Gu has received grant support as well as research awards from SHAPE America. Gu’s undergraduate and graduate students have also received research awards from SHAPE America under her mentoring.

“I feel very honored to be recognized by the largest professional organization in our field,” Gu said. “In the meantime, I am also proud of being able to represent UNT at the professional levels. I would like to extend my appreciation to my colleagues, chair and deans since I cannot obtain this great honor without their help, encouragement and support.”

Gu will be commended for this professional recognition the SHAPE America National Convention and Expo in Boston on March 16.

 

Above, Xiangli Gu, seen here talking with UNT Provost Finley Graves, was also honored at the college's Faculty Salute in 2015.

Student Computer Lab offers study spaces, laptops for checkout

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The College of Education Student Computer Labs, which are located in Matthews Hall 309 as well as the recently-opened Physical Education Building (PEB) 220 satellite location, now have more spaces to study, collaboration areas for group work, and offer laptops you can check out to study with or even take to class.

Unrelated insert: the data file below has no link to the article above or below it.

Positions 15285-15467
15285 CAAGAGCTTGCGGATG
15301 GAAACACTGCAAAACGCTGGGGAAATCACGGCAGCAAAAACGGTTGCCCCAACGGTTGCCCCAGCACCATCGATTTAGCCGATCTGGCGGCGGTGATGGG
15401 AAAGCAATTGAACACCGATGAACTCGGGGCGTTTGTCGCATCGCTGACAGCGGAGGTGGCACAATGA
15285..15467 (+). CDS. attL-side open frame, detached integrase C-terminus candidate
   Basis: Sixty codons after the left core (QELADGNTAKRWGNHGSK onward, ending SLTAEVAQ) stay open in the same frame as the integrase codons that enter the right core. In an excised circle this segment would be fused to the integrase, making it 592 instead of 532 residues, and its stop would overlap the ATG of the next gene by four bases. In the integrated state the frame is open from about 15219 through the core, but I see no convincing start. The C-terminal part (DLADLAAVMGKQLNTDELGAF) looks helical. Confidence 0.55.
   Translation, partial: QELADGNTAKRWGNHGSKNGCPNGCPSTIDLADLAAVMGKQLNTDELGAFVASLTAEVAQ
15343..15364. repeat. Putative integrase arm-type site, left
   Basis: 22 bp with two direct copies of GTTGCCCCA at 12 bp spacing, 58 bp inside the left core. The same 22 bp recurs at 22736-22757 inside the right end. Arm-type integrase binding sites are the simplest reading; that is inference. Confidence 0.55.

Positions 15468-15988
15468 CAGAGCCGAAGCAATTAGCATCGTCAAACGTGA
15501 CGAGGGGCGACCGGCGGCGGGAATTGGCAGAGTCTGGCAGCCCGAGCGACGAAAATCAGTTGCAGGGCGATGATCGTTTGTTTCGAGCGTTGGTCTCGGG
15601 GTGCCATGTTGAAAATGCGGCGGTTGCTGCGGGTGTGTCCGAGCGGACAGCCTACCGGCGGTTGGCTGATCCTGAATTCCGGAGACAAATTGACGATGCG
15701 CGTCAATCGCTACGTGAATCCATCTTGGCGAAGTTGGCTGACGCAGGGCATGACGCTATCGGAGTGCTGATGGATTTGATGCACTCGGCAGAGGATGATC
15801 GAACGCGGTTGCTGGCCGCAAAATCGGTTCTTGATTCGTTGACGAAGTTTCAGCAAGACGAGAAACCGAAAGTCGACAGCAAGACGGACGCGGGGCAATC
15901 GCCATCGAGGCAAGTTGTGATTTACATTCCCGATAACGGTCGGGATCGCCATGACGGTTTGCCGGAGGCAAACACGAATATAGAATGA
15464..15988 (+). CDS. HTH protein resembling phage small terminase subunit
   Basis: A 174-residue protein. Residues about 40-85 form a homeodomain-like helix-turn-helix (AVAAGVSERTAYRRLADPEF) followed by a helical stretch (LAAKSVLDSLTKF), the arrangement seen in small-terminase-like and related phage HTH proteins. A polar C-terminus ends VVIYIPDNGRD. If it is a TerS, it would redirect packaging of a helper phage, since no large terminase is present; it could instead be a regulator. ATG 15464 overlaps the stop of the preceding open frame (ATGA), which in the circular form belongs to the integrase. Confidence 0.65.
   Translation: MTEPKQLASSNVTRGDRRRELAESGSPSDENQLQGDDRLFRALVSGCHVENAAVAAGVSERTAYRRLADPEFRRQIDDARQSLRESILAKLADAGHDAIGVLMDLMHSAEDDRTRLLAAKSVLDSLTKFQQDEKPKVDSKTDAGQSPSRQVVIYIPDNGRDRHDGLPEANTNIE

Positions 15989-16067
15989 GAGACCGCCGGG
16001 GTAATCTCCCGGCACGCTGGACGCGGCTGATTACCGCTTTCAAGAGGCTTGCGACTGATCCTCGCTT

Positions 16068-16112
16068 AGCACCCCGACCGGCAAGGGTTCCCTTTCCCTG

Both locations offer laptop checkout, and both now have collaboration spaces available for group projects. The collaboration spaces support wireless or wired connection to project devices on a large screen, and feature adjustable seating and tables to suit your group's needs.

The Matthews Hall location has also opened a Study Lounge, featuring a student-centric open space with lounge chairs for individual study and relaxation, as well as tables and whiteboards for group collaboration and brainstorming sessions.